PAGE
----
What is the Cincinnati Reds' payroll this season?

The Reds have a lot of pre-arb contracts on the books in 2024.
Cincinnati Reds owner Bob Castellini
Cincinnati Reds owner Bob Castellini / Sam Greene/The Enquirer / USA TODAY
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The Cincinnati Reds spent over $100 million in free agency this offseason, but that doesn't necessarily mean that the team's payroll took a massive leap forward from 2023 to 2024. In fact, according to Cot's Baseball Contracts, the Reds 2024 payroll is up just over $7 million from last season.

The Reds 2024 payroll is sitting at $90.37 million. Cincinnati has three players making $13 million or more this season, and all of them were signed this past offseason. The trio of Nick Martinez ($14 million), Frankie Montas ($14 million), and Jeimer Candelario ($13 million) are the highest paid players on this year's squad.

Candelario, Jonathan India, and Hunter Greene are the only three players on the Reds roster who have a guaranteed contract beyond the 2024 season, but Martinez, Montas, and fellow free agent signee Emilio Pagán all have the opportunity to remain with the Reds in 2025 as well.

What is the Cincinnati Reds' payroll this season?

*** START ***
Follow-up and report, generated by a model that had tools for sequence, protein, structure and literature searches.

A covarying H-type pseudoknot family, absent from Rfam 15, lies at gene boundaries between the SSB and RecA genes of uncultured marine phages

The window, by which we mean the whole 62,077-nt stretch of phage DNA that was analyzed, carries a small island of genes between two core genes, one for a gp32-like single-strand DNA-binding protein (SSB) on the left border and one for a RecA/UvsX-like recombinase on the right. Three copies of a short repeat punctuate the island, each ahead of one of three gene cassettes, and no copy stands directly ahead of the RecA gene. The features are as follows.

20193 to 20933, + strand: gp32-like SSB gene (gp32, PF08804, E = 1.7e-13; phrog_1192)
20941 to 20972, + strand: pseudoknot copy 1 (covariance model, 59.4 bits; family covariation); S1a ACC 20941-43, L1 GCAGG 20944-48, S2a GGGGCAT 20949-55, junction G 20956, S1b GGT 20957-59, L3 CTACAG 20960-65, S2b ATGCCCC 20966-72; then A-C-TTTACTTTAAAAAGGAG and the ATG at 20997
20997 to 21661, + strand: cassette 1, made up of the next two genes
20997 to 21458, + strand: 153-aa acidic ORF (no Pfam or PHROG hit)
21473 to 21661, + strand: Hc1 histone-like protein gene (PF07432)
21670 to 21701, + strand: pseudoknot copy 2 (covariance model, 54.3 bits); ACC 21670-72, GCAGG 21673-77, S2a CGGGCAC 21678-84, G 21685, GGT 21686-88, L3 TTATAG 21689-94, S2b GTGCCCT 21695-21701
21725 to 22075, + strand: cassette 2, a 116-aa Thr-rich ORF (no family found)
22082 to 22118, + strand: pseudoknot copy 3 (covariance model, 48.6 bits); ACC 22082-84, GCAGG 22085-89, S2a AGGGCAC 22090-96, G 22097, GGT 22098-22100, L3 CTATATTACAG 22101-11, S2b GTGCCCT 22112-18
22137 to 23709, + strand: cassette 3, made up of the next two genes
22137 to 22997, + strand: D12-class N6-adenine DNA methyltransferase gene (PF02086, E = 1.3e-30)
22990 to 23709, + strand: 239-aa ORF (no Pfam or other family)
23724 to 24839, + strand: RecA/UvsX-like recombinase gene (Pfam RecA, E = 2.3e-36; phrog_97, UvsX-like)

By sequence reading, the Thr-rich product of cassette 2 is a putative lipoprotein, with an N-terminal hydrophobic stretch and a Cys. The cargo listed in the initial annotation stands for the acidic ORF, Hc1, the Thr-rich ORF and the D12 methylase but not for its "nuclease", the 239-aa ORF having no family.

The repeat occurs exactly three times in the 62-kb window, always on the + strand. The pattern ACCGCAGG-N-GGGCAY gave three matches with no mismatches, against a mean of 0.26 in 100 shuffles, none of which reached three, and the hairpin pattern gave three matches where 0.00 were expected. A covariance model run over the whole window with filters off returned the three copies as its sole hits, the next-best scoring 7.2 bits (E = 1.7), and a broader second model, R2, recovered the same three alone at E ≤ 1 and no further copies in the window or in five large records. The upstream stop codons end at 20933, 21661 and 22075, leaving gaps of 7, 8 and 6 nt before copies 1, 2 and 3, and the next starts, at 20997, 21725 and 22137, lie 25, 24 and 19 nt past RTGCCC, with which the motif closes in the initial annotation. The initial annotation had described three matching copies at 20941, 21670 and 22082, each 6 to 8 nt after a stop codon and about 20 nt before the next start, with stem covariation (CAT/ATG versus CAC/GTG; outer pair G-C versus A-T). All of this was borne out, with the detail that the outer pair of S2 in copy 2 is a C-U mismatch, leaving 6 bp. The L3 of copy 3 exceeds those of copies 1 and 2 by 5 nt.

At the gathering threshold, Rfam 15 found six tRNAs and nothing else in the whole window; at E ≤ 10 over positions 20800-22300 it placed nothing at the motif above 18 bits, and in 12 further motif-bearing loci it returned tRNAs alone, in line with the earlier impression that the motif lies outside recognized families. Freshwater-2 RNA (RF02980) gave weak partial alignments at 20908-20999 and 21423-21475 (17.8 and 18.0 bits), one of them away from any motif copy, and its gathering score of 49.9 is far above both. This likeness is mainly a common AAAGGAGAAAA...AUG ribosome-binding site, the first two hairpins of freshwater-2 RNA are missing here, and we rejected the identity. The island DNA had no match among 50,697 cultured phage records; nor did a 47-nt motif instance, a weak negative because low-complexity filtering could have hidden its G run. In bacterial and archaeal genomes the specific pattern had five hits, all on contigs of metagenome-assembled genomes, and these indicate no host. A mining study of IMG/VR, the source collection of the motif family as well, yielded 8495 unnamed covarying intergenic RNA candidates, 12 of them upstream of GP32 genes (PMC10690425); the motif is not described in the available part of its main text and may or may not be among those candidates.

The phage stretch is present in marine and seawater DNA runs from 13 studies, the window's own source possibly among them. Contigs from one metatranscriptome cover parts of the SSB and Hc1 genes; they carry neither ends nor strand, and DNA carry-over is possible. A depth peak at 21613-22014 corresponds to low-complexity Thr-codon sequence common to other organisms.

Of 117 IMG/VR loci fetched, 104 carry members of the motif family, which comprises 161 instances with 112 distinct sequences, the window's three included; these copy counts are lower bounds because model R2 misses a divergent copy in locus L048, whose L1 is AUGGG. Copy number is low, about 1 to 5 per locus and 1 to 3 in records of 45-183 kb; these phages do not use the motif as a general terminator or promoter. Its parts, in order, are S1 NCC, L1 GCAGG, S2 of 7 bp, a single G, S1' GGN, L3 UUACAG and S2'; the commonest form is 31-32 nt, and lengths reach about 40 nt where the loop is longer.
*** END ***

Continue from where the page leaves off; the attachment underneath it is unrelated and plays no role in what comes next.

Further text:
The large majority of Cincinnati's payroll is committed to pre-arbitration eligible players, meaning that most players on the Reds 40-man roster are making the league-minimum salary in 2024. Players like Christian Encarnacion-Strand, Elly De La Cruz, and Spencer Steer are all taking home less than $800,000 this season.

There's another group players who were eligible for arbitration this past winter, but settled their 2024 salaries ahead of the season. Players with three years or more of service time, but less than six are eligible for salary arbitration.

This past offseason saw players like Jake Fraley, Lucas Sims, and Tyler Stephenson all agree to one-year pacts with the Reds rather than allow an arbiter to decide their salary for the 2024 season. The Reds were scheduled to go to arbitration with India, but the two sides came to terms on a two-year, $8.8 million contract instead.

The Reds saved $20 million after choosing not to pick up Joey Votto's 2024 club-option

One player who's not on this year's Reds payroll is longtime first baseman Joey Votto. The Reds chose not to pick up Votto's $20 million club-option this past winter and the future Hall of Famer became a free agent for the first time in his career. Votto joined his hometown Toronto Blue Jays on a minor-league contract.

Reds owner Bob Castellini should enjoy the team's low payroll this season, because that number is only going up. Players like De La Cruz, Matt McLain, and Andrew Abbott will soon enter their salary arbitration window and be taking home much more than the league-minimum salary.

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